Faced with an escalating pandemic in March, the President and most governors did not want to “stimulate” the private economy. They wanted to shut it down –with stay‐at‐home orders and mandated business closings. That was a deliberate government supply‐side crisis, not an accidental demand‐side recession. People were not suddenly prohibited from buying many goods and services because they had no income. They had no income because they were prohibited from producing desired goods and services by working in certain “nonessential” jobs or opening “nonessential” businesses.
Supply‐side restraints on economic activity, whether caused by prohibitive regulations or punitive taxes, cannot be fixed by having the Treasury issue more IOUs and/or having the Federal Reserve buy those IOUs by expanding bank reserves.
Federal officials nonetheless declared that what was needed was not to loosen the shackles but to enact a $3 trillion “stimulus plan.” By early August, evidently disappointed with the results of their first effort, House Democrats were proposing to rerun the experiment on the same $3 trillion scale while Republican senators suggested borrowing and spending a third as much. Both House and Senate plans include $300 billion for a second round of Economic Impact Payments, however, sending $1,200–2,400 checks to people as if it was free money from generous politicians.
Recall that the first big stimulus plan of March 27, 2020 was advertised as a way to boost consumer spending. “We want to make sure Americans get money in their pockets quickly,” said Treasury Secretary Mnuchin. The quicker they get it, the quicker they’ll spend it. The added spending, in turn, was supposed to show up as faster growth of nominal GDP which (by assuming no supply‐side impediments) was expected to result in faster growth of real GDP. Yet nominal GDP fell at a record 34.9% annual rate in the second quarter, and real GDP fell at a 32.9% rate.
Mailing $1,200 checks to 159 million people, adding $600 to weekly unemployment benefits and rationing forgivable 1% loans for five years did, of course, raise personal income. Relatively small tax credits lifted after‐tax (disposable) income slightly more. “Disposable personal income increased $1.53 trillion, or 42.1 percent, in the second quarter,” reports the Bureau of Economic Analysis (BEA). Yet contrary to stimulus promises, consumer demand fell even more than income increased: “Personal outlays decreased $1.57 trillion… The [34.6%] decrease in outlays was led by a decrease in PCE [personal consumption expenditures] for services.”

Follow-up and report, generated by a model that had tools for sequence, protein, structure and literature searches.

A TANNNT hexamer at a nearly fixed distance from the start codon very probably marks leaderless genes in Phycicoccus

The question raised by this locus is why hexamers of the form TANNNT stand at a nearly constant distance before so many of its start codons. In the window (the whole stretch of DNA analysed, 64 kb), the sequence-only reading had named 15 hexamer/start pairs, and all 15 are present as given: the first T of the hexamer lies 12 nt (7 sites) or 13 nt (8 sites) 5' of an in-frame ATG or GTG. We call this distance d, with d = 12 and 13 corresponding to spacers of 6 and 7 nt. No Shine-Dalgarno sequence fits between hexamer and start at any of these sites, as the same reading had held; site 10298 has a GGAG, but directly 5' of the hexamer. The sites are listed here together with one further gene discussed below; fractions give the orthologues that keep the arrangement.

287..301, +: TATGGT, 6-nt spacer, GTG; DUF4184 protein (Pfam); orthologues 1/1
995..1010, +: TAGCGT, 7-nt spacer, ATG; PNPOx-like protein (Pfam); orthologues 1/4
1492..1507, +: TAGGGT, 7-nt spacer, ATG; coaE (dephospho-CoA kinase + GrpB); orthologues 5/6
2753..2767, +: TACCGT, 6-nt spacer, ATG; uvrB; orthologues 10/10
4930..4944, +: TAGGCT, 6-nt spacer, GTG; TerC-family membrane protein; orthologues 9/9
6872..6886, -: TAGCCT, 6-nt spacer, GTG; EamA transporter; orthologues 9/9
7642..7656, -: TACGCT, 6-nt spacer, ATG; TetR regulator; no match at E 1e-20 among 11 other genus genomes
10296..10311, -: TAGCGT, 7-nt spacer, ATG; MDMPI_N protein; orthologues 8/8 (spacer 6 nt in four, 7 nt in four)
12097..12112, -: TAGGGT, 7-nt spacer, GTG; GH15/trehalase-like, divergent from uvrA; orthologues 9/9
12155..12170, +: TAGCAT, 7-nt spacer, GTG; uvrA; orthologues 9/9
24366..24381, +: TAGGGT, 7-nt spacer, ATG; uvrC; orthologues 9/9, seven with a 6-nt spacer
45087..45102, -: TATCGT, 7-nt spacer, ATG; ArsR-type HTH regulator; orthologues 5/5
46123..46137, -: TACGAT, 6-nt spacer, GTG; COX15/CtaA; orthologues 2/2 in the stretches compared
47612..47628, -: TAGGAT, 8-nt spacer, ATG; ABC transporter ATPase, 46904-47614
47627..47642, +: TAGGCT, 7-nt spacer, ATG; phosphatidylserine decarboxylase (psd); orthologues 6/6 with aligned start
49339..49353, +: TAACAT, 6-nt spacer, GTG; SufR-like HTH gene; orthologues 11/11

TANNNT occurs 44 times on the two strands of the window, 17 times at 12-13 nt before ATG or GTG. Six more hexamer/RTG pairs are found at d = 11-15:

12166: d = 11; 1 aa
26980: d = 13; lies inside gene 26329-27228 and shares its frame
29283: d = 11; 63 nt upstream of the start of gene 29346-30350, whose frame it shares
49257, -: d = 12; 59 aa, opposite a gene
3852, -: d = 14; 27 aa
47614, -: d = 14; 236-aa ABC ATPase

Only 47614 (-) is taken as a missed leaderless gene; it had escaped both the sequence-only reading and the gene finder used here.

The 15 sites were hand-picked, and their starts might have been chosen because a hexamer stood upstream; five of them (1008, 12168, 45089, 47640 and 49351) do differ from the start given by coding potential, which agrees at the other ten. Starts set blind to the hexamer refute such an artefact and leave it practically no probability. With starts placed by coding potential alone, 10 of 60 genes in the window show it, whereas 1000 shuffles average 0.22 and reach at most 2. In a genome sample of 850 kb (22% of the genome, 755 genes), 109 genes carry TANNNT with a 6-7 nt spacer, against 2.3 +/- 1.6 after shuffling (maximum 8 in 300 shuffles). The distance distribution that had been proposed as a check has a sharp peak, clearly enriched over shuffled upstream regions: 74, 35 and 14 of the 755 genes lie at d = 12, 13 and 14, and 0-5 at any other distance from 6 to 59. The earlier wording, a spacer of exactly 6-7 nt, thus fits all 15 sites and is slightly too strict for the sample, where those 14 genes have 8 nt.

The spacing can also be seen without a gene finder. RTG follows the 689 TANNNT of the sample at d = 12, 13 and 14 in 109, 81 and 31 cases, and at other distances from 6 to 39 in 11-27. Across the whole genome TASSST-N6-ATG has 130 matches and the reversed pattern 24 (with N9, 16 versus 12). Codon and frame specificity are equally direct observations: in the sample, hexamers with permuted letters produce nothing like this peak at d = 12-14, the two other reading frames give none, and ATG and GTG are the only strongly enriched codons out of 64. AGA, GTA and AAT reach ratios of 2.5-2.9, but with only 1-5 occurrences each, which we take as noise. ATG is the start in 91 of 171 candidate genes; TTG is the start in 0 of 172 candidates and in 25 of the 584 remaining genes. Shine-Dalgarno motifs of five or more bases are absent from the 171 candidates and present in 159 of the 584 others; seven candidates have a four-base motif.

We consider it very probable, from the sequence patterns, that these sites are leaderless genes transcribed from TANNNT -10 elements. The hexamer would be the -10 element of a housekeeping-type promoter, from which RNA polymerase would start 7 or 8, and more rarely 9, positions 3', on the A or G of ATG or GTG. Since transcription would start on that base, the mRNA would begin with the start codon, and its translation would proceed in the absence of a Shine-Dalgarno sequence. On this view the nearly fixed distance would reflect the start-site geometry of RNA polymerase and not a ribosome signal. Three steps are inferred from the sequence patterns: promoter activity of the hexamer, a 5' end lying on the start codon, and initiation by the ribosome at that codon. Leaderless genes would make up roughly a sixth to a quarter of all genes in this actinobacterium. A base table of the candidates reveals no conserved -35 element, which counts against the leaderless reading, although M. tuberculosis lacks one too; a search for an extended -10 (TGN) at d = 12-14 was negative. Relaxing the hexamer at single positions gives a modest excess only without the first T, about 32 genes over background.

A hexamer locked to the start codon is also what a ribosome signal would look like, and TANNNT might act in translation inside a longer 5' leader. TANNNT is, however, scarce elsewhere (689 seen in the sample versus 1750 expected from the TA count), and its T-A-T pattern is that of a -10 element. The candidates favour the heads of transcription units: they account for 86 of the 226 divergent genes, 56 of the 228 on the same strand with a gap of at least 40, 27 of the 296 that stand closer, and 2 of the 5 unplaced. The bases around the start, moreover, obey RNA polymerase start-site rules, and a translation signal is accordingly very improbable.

The graph retells this story on a monthly basis. Personal outlays (consumption) fell the most during April, when various stimulus checks were largest. Stimulus refers to what BEA calls “Pandemic Response Programs” that directly affect personal income (excluding corporate grants, tax breaks and loans). These federal spending programs accounted for 20% of personal income in April, 15% in May and 13% in June.
In addition to $1,200 in helicopter money dropped on 159 million adults, and subsidized PPP loans to some lucky noncorporate businesses, the “stimulus” package included longer and larger unemployment benefits –an extra $600 per week. Added to state unemployment benefits, the $600 federal checks provided the equivalent of a $24–28 an hour wage in most states. By contrast, the average wage in the leisure and hospitality industries was $16.86 in July, and falling, according to the Bureau of Labor Statistics.
With the federal government’s $600 weekly add‐on, unemployment benefits were the equivalent of working for $31–36 an hour in Oregon, Washington, Minnesota, New Jersey and Massachusetts. Why work? In June, New Jersey and Massachusetts suffered the nation’s highest unemployment rates of 16% and 17.4% respectively.
Unemployment and the economy in 42 other states, however, began to improve as soon as COVID-19 business closures and stay‐home orders were partially rolled back in most of them by May 29. By August 5, the U.S. economy was expected to rise at a 20% annual rate in the third quarter, according to the Atlanta Fed GDPNow model, regardless of another Congressional spending spree. If so, that would mean the steep recession apparently lasted just 4 months.
Consumers did not buy fewer haircuts, gym memberships and restaurant meals in the second quarter because they lacked immediate income. On the contrary, disposable personal income soared as personal spending fell. Consumers bought less because (1) sellers were not permitted to sell what they wanted to buy, because (2) gubernatorial mandates shutting down many businesses made future profits and wages insecure, and because (3) people are too sensible to commit to big ticket purchases on the basis of an ephemeral windfall from vote‐buying politicians.
So, what was stimulated by the stimulus? The answer is obvious. Federal nondefense spending rose at a 39.7% annual rate. Big government spending can and does grow big government.
The only conceivable rationale for repeating the latest of many failed experiments with fiscal stimulus (borrowing from Peter to pay Paul) might be to “stimulate demand.” But we just tried that. It didn’t work. It never works.